Considering that most of the characters were real and died around the same time as the game indicates, the story felt realistic. Many of the cities were accurately depicted and tested by historians. There were Assassins and Templars in the middle east, so let’s just say they didn’t play nice. Lastly, let’s remember the implementation of the Leap of Faith and clearing tower mechanics. That gameplay mechanic is still utilized and continues to be revolutionized today.

9) Assassin’s Creed III (2012)

Connor overlooks a snowy harbor filled with a boat and men as he wields his axe atop a rooftop.
Image via Ubisoft

Assassin’s Creed III received so much hype, but there were disagreements about how the series should proceed. Creative director Patrice Desilets wanted Assassin’s Creed to be a trilogy, but the series proved good enough for a franchise. Instead of a satisfying ending, fans got a cliffhanger that would set up more sequels and never saw Desmond rise to his full potential.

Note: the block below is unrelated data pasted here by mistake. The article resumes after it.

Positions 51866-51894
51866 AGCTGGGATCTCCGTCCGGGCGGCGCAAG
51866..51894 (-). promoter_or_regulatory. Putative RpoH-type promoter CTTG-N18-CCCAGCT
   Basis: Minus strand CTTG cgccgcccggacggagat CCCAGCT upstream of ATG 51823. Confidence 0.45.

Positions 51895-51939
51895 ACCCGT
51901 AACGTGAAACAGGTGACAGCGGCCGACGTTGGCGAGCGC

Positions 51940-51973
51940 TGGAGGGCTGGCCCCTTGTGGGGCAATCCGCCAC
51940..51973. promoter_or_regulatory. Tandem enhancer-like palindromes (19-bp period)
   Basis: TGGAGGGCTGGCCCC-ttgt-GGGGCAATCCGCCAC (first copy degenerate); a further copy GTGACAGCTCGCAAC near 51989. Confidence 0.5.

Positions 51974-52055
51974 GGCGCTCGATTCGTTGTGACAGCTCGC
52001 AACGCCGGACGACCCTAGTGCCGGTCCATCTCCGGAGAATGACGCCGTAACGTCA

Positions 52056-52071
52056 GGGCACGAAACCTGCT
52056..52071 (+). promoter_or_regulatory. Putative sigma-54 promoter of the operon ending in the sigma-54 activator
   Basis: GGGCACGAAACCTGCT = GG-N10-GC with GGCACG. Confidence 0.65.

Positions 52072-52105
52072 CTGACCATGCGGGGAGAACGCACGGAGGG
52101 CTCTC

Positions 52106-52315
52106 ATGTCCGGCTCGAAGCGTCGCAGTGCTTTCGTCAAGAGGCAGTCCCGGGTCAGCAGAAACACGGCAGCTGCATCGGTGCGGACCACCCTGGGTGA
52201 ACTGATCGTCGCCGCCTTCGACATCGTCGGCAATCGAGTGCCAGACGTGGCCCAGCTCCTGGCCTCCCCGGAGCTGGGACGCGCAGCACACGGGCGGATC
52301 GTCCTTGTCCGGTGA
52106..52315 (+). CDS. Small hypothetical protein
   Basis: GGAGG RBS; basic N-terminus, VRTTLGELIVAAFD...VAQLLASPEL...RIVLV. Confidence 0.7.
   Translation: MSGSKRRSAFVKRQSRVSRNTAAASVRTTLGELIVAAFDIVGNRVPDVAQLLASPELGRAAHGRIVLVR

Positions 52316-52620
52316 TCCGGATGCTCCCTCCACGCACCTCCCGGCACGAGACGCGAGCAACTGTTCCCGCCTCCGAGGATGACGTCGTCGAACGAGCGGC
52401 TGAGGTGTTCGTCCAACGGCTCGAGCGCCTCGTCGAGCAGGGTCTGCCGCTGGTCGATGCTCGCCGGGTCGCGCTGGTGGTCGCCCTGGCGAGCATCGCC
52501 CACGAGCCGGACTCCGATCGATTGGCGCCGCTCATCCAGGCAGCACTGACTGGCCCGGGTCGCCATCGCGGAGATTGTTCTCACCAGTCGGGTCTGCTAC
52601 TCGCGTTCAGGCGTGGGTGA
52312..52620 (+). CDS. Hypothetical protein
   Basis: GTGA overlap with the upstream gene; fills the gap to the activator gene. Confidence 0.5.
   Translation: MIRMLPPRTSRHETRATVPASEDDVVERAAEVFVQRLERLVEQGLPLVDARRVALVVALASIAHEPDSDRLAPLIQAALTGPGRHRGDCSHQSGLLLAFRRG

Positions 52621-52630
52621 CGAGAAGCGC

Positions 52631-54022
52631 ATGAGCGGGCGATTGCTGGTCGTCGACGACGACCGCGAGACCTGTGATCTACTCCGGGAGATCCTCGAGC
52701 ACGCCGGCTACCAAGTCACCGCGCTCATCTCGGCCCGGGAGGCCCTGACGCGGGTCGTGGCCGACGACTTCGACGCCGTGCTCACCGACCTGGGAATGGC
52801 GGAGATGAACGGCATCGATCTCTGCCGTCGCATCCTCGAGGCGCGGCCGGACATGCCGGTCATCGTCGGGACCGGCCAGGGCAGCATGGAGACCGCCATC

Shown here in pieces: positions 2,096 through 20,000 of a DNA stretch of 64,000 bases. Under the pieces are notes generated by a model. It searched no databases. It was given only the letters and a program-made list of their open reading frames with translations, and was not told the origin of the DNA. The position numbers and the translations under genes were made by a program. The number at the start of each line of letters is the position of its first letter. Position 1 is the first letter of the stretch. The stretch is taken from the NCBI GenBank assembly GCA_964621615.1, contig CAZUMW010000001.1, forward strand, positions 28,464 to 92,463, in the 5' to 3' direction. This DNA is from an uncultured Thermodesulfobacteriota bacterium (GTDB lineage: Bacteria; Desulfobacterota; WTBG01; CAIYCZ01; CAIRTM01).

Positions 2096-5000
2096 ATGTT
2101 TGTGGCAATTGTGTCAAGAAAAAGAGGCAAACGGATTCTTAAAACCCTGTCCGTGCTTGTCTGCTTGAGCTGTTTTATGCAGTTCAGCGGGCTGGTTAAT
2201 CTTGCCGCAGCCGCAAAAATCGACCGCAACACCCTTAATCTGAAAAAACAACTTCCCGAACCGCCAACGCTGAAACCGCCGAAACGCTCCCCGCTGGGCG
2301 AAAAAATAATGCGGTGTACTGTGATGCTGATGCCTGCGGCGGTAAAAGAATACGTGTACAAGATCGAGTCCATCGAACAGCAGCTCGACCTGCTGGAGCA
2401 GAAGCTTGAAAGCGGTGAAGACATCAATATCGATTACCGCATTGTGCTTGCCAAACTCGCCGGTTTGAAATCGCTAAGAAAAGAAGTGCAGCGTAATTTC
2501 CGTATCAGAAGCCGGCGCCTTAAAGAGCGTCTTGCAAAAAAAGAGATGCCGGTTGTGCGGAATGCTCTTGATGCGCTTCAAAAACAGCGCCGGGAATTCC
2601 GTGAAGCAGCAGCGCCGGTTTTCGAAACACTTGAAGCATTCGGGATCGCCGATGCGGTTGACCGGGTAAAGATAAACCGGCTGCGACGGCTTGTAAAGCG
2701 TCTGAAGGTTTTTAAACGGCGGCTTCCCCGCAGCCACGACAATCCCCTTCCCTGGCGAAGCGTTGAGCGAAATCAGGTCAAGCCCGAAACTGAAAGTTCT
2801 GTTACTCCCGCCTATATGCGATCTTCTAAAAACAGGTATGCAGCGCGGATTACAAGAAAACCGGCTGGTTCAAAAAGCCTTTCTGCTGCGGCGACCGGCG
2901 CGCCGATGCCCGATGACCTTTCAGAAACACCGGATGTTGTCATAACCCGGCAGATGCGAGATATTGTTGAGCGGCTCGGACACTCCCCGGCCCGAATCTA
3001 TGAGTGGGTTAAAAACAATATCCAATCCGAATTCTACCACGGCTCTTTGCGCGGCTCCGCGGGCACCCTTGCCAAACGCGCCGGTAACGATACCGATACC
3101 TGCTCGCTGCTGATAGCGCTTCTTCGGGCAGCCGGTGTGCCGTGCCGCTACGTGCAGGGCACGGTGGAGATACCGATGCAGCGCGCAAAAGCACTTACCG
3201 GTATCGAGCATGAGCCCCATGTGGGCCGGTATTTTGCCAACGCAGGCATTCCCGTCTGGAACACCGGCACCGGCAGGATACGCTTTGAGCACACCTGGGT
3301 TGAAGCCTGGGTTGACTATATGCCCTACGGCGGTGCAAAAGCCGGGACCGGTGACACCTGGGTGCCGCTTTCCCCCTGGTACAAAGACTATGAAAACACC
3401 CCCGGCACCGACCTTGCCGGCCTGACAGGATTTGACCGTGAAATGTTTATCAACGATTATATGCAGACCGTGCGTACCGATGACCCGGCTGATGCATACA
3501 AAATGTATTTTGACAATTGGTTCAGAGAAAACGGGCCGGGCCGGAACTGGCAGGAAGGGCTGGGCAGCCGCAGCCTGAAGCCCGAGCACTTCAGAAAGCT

On the Assassin’s side, fans meet Conner, a new assassin who discovers the order when it’s near death. Conner has a lot of potential, but he stays arrogant throughout the game, and it’s hard to relate to him when he mainly reacts instead of taking charge, unlike that of his father, Haytham, who quickly took center stage.

In addition, the game had many bugs, but it was still enjoyable. Although you no longer have a guild, many of the mechanics introduced in this game carried over into Black Flag and other titles that come after. Unfortunately, building a Homestead wasn’t a mechanic that continued despite love from fans.

8) Assassin’s Creed Revelations (2011)

Black attire Ezio dangles from building while a sunset is taking part in the background.
Image via Ubisoft